The interaction between maize and soil microbes influences hybrid vigour, according to a recent study . Many commercial varieties of crops such as maize are first-generation crosses of inbred lines, and their hybrid vigour leads to increased yield.
Research into the mechanisms underlying hybrid vigour has largely focused on genetics and physiology, but the potential role of microbes has not been well studied.
Maggie Wagner, Manuel Kleiner, and colleagues compared the growth of surface-sterilized kernels of two inbred maize lines and their hybrid, planted in individual growth bags containing sterilized soil treated with either a simplified synthetic community of seven bacterial strains or a sterile buffer.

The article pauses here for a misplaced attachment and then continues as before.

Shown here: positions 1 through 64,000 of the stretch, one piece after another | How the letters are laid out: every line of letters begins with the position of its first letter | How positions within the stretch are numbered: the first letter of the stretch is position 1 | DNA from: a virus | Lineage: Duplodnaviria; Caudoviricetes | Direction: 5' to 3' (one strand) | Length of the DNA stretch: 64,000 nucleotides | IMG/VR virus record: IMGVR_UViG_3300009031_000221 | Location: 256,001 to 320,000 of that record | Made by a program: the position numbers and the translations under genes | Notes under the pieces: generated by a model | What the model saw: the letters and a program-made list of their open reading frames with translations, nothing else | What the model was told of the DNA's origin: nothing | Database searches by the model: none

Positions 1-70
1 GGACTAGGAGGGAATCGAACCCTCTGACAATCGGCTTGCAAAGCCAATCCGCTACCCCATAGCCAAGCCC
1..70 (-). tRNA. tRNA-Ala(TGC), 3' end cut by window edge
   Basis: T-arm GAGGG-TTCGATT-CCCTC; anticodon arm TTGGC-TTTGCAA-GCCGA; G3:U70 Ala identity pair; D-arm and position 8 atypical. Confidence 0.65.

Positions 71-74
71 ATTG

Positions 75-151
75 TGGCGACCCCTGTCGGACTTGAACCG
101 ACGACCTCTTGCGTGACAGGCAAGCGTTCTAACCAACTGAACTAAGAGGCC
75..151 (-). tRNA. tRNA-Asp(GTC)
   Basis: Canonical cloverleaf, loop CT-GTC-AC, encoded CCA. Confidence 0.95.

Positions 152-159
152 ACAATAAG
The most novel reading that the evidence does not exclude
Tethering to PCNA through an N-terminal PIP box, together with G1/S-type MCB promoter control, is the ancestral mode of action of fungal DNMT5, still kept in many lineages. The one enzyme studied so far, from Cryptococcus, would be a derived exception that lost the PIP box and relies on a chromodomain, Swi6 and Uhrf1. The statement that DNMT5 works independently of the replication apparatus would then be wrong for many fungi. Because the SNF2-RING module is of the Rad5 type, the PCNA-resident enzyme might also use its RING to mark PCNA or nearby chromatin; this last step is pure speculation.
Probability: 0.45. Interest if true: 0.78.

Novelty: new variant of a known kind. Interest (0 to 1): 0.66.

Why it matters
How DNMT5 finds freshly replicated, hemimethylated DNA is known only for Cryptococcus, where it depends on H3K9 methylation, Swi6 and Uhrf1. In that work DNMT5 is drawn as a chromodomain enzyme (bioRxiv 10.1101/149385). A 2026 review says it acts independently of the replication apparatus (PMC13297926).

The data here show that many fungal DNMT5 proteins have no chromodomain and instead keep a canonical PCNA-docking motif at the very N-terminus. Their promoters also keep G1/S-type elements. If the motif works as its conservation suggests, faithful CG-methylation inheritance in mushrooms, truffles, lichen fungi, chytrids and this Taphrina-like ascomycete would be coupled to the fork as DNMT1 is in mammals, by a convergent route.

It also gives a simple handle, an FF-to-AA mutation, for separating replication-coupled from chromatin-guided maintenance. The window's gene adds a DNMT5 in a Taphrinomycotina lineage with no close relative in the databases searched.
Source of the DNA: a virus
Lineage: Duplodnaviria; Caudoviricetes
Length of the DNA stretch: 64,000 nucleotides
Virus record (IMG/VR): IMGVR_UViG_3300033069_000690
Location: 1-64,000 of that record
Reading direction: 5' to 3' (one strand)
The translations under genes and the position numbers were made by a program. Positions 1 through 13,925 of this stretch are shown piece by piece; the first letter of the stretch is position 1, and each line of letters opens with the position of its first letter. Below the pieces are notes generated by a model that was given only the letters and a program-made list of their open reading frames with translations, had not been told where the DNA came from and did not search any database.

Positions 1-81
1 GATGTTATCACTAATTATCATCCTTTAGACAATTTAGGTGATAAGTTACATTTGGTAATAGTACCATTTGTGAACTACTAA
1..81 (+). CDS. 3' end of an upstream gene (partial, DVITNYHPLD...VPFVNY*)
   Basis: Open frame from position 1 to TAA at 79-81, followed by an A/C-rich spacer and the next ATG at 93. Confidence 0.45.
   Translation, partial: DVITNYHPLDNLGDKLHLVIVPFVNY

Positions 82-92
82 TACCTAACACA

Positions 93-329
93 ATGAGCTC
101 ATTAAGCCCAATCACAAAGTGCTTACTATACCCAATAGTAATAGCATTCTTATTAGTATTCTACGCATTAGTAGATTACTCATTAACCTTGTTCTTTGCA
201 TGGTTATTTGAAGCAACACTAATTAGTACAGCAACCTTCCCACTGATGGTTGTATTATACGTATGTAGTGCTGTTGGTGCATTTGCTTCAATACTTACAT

The authors report that the inbred and hybrid lines were indistinguishable when grown in sterile soil, but the bacterial treatments resulted in lower root and shoot weights in the inbred lines, compared with the hybrid. The authors obtained similar results in a second growth-chamber experiment using a complex microbial slurry derived from farm soil and two field experiments with or without soil fumigation or steaming. However, mixed results from the soil-steaming experiments suggest that the composition of local microbial communities is important to hybrid vigour.
According to the authors, microbe-mediated hybrid vigour may be related to improved hybrid immune systems, overactive inbred immune systems, or both.